It had been 56 days since the heroics of Wembley.
Eight weeks on and the first day in what will hopefully be the rest of Pompey’s life came at West Leigh Park on Saturday.
The FA Cup final this wasn’t. And this certainly wasn’t anything approaching the team which walked proudly out at the home of football on May 15.
Just two names remained on the teamsheet from the one which started against Chelsea a couple of months back.
And that tells you all you need to know about the size of the task Steve Cotterill faces at Pompey.
Cotterill walked into the post three-and-a-half weeks back with his eyes wide open.
He knew the size of the rebuilding job ahead of him when he said yes to the task of taking Pompey into a new era.
Now the rest of the world knows the Herculean effort he faces next season in the Championship.
There have been glimpses of how short his squad is from the level required to be even a competitive outfit in the English game’s second tier.
But now the explicit, unequivocal evidence has been presented that the men and masses of boys currently at his disposal quite simply are not good enough. Cotterill made no bones about it when questioned in the wake of the opening win against a game Hawks side.
How many of the squad on show against Shaun Gale’s were up to the level needed to play a part come August 7? Not many.
Marc Wilson, Richard Hughes, Michael Brown, Tommy Smith, Hayden Mullins and David Nugent are the six senior figures currently available who cut it and need to be around for the campaign ahead.
Throw in Joel Ward, Matt Ritchie and Marlon Pack as figures who could play supporting roles but shouldn’t be asked to deliver more than that.
The rest? They just aren’t ready yet, and, as Cotterill said himself, many of them might never be ready.
Perhaps it was no bad thing that a couple of thousand people witnessed the tools Cotterill has to work with as he gears up for the new campaign.
That now will surely realign expectations for what lies ahead.
The hours count down until D-day on Thursday when the club will hopefully exit administration via the Company Voluntary Arrangement.
That should see the transfer embargo currently keeping Cotterill in a strait jacket removed. And how he needs it removed.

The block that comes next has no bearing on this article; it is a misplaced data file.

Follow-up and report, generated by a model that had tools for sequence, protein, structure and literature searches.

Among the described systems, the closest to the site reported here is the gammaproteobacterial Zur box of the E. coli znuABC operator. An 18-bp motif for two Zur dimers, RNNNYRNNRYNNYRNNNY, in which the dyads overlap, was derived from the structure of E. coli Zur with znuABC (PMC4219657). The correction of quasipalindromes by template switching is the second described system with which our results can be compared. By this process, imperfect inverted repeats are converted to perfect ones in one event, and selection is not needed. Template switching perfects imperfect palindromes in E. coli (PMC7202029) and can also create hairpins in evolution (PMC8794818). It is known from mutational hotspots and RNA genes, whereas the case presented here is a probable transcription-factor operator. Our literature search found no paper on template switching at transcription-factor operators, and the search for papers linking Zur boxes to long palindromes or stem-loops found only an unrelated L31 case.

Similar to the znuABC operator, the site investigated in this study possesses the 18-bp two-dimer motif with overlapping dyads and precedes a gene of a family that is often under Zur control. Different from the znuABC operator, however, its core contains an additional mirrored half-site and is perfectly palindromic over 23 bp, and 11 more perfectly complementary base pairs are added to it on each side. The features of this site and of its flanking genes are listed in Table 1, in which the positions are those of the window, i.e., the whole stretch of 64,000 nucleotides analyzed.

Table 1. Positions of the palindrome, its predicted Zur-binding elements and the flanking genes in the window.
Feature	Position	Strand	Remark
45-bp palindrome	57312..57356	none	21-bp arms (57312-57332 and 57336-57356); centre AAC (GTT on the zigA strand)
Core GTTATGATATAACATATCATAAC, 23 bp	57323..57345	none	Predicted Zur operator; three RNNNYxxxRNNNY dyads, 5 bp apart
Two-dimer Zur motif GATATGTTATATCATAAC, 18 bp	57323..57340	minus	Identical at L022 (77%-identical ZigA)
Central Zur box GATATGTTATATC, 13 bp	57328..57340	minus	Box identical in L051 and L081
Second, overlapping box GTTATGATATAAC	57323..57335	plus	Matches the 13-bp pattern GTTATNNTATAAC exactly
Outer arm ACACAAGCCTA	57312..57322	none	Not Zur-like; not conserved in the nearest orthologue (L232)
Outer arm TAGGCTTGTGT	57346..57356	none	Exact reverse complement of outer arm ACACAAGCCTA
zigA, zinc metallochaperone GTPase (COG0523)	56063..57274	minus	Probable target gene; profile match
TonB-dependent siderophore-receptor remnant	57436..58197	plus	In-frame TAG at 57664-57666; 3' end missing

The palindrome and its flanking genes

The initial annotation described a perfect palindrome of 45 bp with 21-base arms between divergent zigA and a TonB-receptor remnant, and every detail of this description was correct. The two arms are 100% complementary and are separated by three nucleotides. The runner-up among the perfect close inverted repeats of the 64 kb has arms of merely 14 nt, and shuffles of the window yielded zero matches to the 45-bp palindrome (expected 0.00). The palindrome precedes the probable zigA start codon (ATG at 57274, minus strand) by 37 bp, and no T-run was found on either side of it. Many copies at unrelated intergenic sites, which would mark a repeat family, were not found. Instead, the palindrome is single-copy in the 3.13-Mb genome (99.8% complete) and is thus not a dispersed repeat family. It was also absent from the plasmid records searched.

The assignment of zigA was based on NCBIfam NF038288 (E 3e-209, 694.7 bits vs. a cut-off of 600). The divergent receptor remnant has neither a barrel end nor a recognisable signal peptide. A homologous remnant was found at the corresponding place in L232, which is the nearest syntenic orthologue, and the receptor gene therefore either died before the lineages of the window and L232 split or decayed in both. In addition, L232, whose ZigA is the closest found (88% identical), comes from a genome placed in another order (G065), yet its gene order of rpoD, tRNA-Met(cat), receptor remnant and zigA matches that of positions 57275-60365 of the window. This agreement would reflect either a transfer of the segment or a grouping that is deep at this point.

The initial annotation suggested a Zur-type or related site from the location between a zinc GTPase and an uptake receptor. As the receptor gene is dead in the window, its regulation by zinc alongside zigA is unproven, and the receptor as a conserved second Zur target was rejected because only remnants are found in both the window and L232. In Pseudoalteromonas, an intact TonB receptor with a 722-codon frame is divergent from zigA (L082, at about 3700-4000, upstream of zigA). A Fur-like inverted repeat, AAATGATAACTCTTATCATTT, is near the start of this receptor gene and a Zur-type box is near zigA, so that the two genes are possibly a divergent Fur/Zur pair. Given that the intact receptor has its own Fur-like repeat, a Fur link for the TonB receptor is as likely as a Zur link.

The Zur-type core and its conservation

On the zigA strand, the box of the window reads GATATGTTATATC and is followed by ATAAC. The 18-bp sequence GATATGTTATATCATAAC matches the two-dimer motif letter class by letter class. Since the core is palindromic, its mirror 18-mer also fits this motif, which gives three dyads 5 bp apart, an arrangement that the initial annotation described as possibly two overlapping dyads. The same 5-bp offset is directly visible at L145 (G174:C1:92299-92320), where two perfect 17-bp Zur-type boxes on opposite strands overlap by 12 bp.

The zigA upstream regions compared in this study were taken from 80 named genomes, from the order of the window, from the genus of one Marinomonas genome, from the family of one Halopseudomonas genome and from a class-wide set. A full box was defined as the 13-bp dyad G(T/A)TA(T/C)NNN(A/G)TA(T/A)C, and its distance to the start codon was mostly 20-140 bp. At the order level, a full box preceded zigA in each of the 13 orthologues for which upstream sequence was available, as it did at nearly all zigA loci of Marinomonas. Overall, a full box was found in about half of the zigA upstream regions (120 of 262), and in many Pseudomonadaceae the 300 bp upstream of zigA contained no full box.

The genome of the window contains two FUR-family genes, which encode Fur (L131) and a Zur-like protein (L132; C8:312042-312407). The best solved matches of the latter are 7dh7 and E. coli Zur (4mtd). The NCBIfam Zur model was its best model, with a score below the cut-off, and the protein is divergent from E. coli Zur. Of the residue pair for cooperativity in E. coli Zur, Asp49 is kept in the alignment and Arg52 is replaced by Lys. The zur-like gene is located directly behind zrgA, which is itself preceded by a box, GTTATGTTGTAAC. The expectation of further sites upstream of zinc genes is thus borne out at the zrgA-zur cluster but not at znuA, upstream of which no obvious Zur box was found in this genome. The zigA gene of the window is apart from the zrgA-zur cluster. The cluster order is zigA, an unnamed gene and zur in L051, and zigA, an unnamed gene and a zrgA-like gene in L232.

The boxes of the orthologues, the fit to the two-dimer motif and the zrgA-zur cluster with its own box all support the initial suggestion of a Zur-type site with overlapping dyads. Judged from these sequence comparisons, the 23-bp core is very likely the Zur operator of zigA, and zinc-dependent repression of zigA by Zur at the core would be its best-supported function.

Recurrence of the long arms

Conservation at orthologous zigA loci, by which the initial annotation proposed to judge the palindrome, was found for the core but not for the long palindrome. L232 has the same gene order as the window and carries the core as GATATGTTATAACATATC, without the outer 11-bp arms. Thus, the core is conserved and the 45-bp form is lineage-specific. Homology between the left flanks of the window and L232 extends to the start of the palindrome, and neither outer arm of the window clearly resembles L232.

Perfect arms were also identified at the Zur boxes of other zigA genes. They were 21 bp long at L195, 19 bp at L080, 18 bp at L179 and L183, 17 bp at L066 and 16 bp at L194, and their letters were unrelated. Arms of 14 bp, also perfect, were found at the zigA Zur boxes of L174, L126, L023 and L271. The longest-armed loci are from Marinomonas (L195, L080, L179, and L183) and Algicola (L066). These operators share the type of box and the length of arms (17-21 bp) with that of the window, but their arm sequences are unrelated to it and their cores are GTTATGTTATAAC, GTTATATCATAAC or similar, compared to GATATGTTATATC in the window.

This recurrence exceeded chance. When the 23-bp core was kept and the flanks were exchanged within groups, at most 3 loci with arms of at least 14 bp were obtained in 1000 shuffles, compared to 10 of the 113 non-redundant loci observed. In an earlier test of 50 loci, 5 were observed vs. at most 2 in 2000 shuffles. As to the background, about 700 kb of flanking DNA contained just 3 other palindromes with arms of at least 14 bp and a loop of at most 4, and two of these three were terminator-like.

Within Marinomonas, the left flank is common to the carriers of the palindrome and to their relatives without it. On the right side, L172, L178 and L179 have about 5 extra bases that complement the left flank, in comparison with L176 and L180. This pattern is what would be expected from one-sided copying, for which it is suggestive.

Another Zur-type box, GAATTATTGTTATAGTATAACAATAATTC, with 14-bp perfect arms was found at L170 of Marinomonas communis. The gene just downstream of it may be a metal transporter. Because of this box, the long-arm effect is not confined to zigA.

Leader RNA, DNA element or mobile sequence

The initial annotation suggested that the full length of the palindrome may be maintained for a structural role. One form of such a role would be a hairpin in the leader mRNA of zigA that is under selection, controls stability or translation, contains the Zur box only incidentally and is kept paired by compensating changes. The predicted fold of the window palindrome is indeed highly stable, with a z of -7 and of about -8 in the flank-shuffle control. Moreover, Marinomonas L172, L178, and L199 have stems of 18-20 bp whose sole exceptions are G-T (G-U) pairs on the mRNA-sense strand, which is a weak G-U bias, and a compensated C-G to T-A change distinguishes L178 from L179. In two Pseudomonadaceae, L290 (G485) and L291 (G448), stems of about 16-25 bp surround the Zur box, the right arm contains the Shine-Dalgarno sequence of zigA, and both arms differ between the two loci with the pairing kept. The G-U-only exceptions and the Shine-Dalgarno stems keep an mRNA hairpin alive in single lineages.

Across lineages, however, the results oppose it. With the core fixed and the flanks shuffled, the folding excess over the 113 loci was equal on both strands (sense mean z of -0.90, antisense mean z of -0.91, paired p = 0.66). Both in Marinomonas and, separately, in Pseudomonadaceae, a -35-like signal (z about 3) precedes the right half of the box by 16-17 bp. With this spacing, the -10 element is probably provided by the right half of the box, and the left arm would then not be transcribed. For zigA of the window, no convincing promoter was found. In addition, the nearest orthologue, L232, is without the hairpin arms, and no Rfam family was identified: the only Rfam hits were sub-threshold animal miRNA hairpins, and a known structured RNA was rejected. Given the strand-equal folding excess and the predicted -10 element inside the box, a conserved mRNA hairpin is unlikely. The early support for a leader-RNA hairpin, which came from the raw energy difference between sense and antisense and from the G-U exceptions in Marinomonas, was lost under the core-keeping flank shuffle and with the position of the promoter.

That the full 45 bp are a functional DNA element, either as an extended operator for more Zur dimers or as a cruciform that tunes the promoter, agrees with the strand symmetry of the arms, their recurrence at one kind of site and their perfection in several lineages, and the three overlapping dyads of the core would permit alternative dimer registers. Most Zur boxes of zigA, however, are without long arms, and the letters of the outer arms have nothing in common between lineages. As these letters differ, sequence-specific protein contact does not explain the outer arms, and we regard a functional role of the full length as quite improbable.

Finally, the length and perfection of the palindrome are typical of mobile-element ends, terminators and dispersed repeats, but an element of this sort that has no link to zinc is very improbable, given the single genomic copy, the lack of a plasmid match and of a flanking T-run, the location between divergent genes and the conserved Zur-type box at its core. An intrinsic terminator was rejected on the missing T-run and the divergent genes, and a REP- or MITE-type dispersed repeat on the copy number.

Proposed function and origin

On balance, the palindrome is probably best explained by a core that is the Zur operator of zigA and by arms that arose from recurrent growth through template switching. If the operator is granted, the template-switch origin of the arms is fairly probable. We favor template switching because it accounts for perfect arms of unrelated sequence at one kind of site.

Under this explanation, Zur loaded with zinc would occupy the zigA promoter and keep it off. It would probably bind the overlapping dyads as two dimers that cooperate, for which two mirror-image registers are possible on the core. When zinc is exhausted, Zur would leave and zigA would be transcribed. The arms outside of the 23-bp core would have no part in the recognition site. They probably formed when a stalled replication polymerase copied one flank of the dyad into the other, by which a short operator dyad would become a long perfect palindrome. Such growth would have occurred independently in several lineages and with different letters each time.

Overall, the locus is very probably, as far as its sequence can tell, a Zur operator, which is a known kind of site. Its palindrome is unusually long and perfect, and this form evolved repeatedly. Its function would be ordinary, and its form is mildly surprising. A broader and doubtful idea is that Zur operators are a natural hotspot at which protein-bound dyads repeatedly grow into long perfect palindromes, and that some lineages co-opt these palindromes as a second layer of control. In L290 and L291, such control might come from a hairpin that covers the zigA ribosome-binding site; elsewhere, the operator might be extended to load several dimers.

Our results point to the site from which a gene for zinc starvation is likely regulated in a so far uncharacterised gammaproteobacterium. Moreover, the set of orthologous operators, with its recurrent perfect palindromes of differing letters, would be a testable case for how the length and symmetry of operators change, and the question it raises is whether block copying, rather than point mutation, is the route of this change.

Cotterill will be knocking around in football’s bargain basement when it comes to recruitment.
But those rare free transfer nuggets of gold have now been snapped up and the Blues boss is likely to have to work some magic in the loan market instead, to give his team any chance of becoming a squad.
The clash with Hawks did offer a few flashes of hope, however.
None came brighter than the sight of David Nugent opening his pre-season account after 14 minutes having led the side out as skipper.
Cotterill is playing a clever game when it comes to the returning Scouser.
Nugent has quickly been told he is wanted at Fratton Park next season and has been thrown a reassuring arm around the shoulder.
The words emanating from the gaffer will have lifted the £6m striker, while making it clear to the money men that he is very much seen as part of his plans.
Now it’s over to them to see if they can do the sums which will allow his hefty paypacket to remain on the wage bill.
Nugent staying and Smith still being around offers a decent starting point in terms of firepower which will do the job.
That was obvious enough as Smith stood out from the pack as Cotterill deployed a 4-3-2-1 formation for his first game in charge.
Hughes was employed at the base of midfield and moved the ball around calmly and efficiently as Pompey dictated the pace of the game in the opening half.
Brown was his usual spiky self as he put his foot in and proved his impressive bleep test effort when returning for pre-season was not a one off with his industry.
Just how much the likes of Pack and Ritchie will have to offer in the coming months is open to debate but both put in sound efforts.
Pack, in particular, looked decent and showed Cotterill why it’s probably worth not sending him out on loan just yet.
He was at fault for conceding a 49th-minute penalty as he upended Stuart Douglas but that simply gave Liam O’Brien the chance to steal a march on Jon Stewart by diving low to his right to keep out Sam Pearce’s spot-kick.
That arrived 35 minutes after Nugent had put Pompey in front as he latched on to Pack’s header and held off the Hawks’ central defenders to poke a finish past Nathan Ashmore.
Cotterill’s men served up some neat football in passages and held the majority of possession.
But Hawks were proving hard-working opposition and they were given their reward seven minutes before the break as Mustafa Tiryaki was given the freedom of the Pompey penalty area to nod Ian Selley’s free-kick home.
The game was settled 11 minutes after the restart as Brown’s perseverance saw him bundle through the Hawks defence and round Ashmore before tucking the ball away.
Then came the wave of substitutions which highlighted the alarming lack of depth in Pompey’s set-up as well as hindering the flow of the game.
That told most of the watching 2,206 everything they needed to know about the options their team could call on.
Cotterill remains defiant, however.
His belief that he can turn around the mess he has been dealt is unwavering and reassuring.
For him, taking on that baggage was a hit worth taking.
After all, the potential reward is the glory of bringing a club as proud as Pompey back from brink.